Mark Benigni – March 27, 2019
I want to share a story of the human impact of our trail network. To put a name and a face to how trails create us. Hopefully this story will help inspire you to have the courage and will to make life changes. And to remind you that the trails and pathways in the greater Weber County area can be a resource.
In mid-January, I was contacted by a Weber State student, Cydnee Green, who had a team from a master’s program in Communications that wanted to do a project with us related to fundraising. They picked us because the team members are big trail users and the trails mean a lot to them. Not an unusual comment from Weber State students who do projects for us.
I met with the team at the end of January. As I usually do, I got down to business and explained how they may be able to help us with our annual TrailFest event being held June 22 this year. (Please pick up a flyer tonight.) After going through the details of the project, I did something else I usually do, get to know the team. And, follow up on why trails are important to them.
For no particular reason, I started with Tawnie Moore to go around the table. She told me she runs track for WSU and uses the trails for training and when running with a team from the Utah Running Club. She was pretty chill about it, but I commented that she must be pretty good if she’s a runner on the WSU team.
I learned later, the Marriott-Slaterville native currently holds school records in the indoor 60-meter hurdles and the outdoor 100-meter hurdles. She is a three-time Big Sky champion. Earned Big Sky Academic All-Conference honors in Communication.
Diedre Wilson is also on the WSU track team. The Shelley, Idaho native is a thrower (discus, shot-put, hammer and weight). She earned Big Sky Academic All-Conference honors in Graphic Design.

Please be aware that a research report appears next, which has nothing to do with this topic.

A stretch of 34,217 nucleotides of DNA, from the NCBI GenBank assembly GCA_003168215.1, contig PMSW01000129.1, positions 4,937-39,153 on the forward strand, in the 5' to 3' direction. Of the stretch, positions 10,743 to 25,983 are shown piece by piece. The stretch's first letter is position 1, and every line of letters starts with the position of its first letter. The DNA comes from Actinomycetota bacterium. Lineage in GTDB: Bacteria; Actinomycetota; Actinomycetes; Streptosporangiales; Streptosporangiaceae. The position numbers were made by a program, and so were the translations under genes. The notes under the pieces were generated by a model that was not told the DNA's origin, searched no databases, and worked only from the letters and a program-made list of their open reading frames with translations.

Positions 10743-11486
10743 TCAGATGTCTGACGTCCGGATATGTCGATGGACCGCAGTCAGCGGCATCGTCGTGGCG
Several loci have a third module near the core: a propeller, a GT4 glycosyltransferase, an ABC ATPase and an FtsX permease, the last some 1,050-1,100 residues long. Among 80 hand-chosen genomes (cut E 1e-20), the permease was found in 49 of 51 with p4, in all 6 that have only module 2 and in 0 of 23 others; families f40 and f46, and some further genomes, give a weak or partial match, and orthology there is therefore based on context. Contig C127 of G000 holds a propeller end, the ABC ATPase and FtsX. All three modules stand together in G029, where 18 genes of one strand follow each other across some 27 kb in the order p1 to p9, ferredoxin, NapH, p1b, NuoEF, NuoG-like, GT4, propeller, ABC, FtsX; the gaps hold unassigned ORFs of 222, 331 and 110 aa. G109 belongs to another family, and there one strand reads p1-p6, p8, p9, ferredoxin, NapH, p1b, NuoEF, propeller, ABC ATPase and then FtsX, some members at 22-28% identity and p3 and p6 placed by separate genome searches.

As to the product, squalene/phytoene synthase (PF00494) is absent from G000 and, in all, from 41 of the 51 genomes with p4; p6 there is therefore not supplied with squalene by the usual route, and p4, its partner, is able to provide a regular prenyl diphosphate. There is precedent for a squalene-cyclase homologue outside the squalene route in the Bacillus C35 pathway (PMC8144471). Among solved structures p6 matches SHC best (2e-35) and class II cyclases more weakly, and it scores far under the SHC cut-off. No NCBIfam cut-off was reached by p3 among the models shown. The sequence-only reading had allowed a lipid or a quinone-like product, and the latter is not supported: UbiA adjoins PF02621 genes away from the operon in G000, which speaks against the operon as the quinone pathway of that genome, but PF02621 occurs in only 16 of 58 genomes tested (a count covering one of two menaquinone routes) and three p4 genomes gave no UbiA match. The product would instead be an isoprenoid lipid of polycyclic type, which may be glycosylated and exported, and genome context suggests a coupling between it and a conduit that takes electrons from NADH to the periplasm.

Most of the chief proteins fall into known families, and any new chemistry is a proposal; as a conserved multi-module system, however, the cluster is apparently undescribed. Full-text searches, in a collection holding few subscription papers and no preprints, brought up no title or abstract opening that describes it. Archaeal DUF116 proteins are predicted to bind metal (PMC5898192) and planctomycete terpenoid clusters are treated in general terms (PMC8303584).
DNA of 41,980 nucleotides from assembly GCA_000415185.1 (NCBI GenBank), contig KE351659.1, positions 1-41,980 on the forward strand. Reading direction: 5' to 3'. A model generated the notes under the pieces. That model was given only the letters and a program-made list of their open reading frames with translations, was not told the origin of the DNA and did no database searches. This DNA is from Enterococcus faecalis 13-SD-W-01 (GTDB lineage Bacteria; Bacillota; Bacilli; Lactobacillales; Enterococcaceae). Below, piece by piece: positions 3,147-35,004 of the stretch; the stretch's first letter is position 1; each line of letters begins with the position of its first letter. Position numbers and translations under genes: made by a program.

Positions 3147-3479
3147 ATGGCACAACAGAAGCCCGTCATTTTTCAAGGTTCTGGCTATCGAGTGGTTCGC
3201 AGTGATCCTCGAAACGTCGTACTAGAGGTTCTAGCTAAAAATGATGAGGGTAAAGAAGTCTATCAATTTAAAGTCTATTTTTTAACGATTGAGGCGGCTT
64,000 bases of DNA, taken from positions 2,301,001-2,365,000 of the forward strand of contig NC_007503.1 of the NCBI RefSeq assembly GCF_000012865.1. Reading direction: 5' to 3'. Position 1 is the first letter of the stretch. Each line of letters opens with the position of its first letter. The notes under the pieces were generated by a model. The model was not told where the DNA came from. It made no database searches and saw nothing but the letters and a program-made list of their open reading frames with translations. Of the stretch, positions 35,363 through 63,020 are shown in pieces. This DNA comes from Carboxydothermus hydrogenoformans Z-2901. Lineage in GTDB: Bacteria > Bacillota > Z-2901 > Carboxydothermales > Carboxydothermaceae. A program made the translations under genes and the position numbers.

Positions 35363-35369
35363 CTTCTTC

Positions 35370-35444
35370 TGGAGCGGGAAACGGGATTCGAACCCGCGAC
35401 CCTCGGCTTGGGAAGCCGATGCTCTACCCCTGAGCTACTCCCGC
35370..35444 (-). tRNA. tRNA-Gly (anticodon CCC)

I complimented Deidre also for being on the WSU track team. She echoed Tawnie saying that having the trails right next to campus for training was one of the benefits of being on WSU’s team and helped with choosing WSU.
When I turned to Cydnee, she looked at me and quickly said, with a smile, “I’m not a track athlete. But, I am an avid trail user. In fact, because of the trails, I lost 140 lbs.”
My jaw dropped. Both Tawnie and Deidre said, “She’s our hero.”
At my request, Cydnee shared her story with Weber Pathways and is generous enough to let us share it with you. Here’s Cydnee’s story.
All of my life, I have always been the “bigger” girl. I never really paid much attention to what I ate, and I preferred to sit on the couch and binge watch television shows rather than participate in recreational sports. While I tried to mostly blame my obesity and poor physical activity on genetics, a large part of it was lack of self-control and motivation.
For my New Year's Resolution on January 1, 2017, I told myself I was going to turn my life around. I was 22 years old, pushing 350 pounds 40 percent body fat and couldn’t even keep up with my friends during our casual strolls through downtown.